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The Alchemist Of Alpine Cuisine

Sweet fried braids and fir treetops are the game changing flavors of the new alpine cuisine.

A drive up the Giau Pass, one of the steepest in the Dolomites, makes for a mindblowing experience. Just as we arrive at some plateau, stunned by the beauty of the expansive mountains, we find ourselves at the rifugio Da Aurelio with a sun terrace and a priceless panorama. What we discover inside is as equally awe-inspiring. Best of the Alps meets chef Luigi “Gigi” Dariz who can be rightly called the alchemist of the alpine cuisine. 

“Try this,” says Gigi Dariz and hands a small plate with a piece of fluff on it that looks like an architect’s three-dimensional rendering of some geometrical shape. Sweet fried braids, hand picked outside the restaurant Da Aurelio, in the wide alpine meadows where the famous edelweiss flowers grow. Being up here at 2236 meters you are tempted to think that food resources are scarce, but Mr. Dariz proves the opposite. 

“Take Junipers for instance, or fir treetops,” he says putting some of the fresh green delicacies infused in oil under our noses. A slightly austere yet breezy aroma tingles the senses: It is the magnificent taste of the mountains in their very essence. Looking at some of the other plates that include moss and other exotic alpine forest delights, it becomes obvious that the placid and softly spoken Mr. Dariz has the wonderful ability to turn something ordinary into something extraordinary - alchemy at its best. 
This alchemy with food seems to run in the Dariz family. The interest in connecting eating with health is apparent in both father Aurelio, who set up the restaurant in 1970, and son Gigi. Aurelio Dariz has always been aware of nature’s important function as medicine. “Although he cooked a classic Italian style he always included herbs that grow up here,” Mr. Dariz explains the style of his father.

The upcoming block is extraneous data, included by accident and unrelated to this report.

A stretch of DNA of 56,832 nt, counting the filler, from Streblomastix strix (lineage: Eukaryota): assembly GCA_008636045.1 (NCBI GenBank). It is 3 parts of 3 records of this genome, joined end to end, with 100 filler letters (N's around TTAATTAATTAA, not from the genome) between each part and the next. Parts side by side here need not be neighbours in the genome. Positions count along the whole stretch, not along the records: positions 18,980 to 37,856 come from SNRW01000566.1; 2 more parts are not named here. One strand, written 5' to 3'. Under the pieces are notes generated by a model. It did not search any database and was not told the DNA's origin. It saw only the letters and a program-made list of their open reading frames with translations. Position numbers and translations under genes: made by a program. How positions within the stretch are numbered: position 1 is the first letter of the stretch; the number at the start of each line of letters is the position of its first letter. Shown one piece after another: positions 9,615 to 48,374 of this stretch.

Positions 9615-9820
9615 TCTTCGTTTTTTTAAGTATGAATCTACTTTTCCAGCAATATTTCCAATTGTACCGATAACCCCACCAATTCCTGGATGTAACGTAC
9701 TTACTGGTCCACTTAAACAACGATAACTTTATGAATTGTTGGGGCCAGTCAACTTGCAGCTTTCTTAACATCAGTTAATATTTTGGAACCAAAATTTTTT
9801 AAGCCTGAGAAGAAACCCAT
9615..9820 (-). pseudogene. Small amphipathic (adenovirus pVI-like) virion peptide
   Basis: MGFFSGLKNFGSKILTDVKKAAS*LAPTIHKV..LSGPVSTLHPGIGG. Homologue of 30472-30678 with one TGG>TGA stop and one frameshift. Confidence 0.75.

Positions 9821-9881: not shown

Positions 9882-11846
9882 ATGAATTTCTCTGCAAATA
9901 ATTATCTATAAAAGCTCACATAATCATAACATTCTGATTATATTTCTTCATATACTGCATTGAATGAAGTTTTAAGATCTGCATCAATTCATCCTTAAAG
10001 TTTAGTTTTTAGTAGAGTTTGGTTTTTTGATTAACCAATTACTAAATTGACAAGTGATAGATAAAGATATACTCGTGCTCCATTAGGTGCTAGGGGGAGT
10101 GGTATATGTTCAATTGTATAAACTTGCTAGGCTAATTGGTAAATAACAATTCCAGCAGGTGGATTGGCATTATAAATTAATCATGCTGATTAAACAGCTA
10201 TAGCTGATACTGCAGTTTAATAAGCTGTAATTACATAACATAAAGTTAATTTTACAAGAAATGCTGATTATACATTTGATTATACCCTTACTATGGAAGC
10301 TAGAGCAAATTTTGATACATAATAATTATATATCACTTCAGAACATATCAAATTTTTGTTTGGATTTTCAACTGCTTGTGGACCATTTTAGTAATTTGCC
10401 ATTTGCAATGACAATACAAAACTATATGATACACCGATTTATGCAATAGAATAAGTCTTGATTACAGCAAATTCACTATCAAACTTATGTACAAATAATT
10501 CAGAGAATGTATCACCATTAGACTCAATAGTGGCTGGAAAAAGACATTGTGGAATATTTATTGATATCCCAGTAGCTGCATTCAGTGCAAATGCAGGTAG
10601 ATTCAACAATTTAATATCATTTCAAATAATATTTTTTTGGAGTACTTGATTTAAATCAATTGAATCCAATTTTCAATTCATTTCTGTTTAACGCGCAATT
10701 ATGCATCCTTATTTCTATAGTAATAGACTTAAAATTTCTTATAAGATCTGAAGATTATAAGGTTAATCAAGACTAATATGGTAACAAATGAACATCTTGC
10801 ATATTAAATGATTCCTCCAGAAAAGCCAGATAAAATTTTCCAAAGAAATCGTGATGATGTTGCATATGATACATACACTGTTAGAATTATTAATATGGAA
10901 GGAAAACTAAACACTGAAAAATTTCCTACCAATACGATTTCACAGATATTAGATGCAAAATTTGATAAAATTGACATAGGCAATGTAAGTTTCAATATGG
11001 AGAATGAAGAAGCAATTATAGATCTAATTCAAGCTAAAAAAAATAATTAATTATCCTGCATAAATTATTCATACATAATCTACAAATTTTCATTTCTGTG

After attending gastronomy school Etoile in Venice and working in reputable restaurants in Italy like Carracci in Bologna and a stint in England, Mr. Dariz junior returned to his home, the province of Belluno. It was then when he decided to follow his own path. 

Panna Cotta Al Fieno Con Coulis di Rasberry e Lichene Cruccante

“It’s time to reflect on what we eat”

The overall menu in the rifugio Da Aurelio can be described as fusion kitchen, mixing classic Italian food with alpine ingredients such as the tagliatelle with chanterelle mushrooms or the delectable venison bresaola with erba cipollina (chives). What both father and son appreciate is the pleasure of the simple flavors, just like the essence of what Mr. Dariz calls Cucina d’Autore: dishes created with an authentic touch and committed to its true taste. 
But it was a slow start for him when taking over the rifugio in 1998. “Most of the clients back then were still drawn to my father’s more solid cooking,” he says, but gradually Mr. Dariz transforms his guests’ pallet by introducing a new signature dish every season. 

The meat comes from the brother of his wife who is the local butcher in Cortina d’Ampezzo; the cheese he sources from the El Brite de Larieto. In summer, Mr. Dariz gives guided tours in the mountains educating people about native herbs, their health benefits and the ones that do the opposite. “After all, you don’t want to pick the wrong ones,” he smiles.

Sharing knowledge 

Mr. Dariz’ restaurant is part of the popular Alto Gusto themed dinner evening that features the best of the cuisine in the Dolomites. It consists of ten of the best restaurants in the Belluno area. He also likes to connect with the culinary scene beyond the mountains and this led him to Stefano Catenacci in Sweden, who occasionally cooks for the royal family. And it was through him that Mr. Dariz got the chance to learn some Swedish treats in exchange for teaching the secrets of making good pasta. “Food is very important for us,” Mr. Dariz smiles. “We live to eat.” 
Back home in his cosy kitchen with a perfect view onto the mountains, he loves working with his dedicated young team and having a bit of fun listening to Swedish House Mafia when making gnocchi. Up here you are not in a hurry, except when you forgot to buy the milk, which makes for a 30-minute drive down the mountain to Cortina.

The legend of a beautiful sunset

In the late afternoon the mountains are covered by what the locals call enrosadira - different shades of red that make for the most incredible sunset. It refers to a legend of the mountain tops entirely covered with flowers. When the king was captured by the enemy, he put a spell on the mountains, transforming all the flowers into rocks, so that they could no longer be seen by day or night. But he forgot the power of nature, and so with every sunset the colors of the roses symbolically bloom. Mr. Dariz opens a fine bottle of prosecco. Yet another way to celebrate la dolce vita. 

Testo: Sandra Pfeifer
Foto: David Payr //

Oct. 24, 2016

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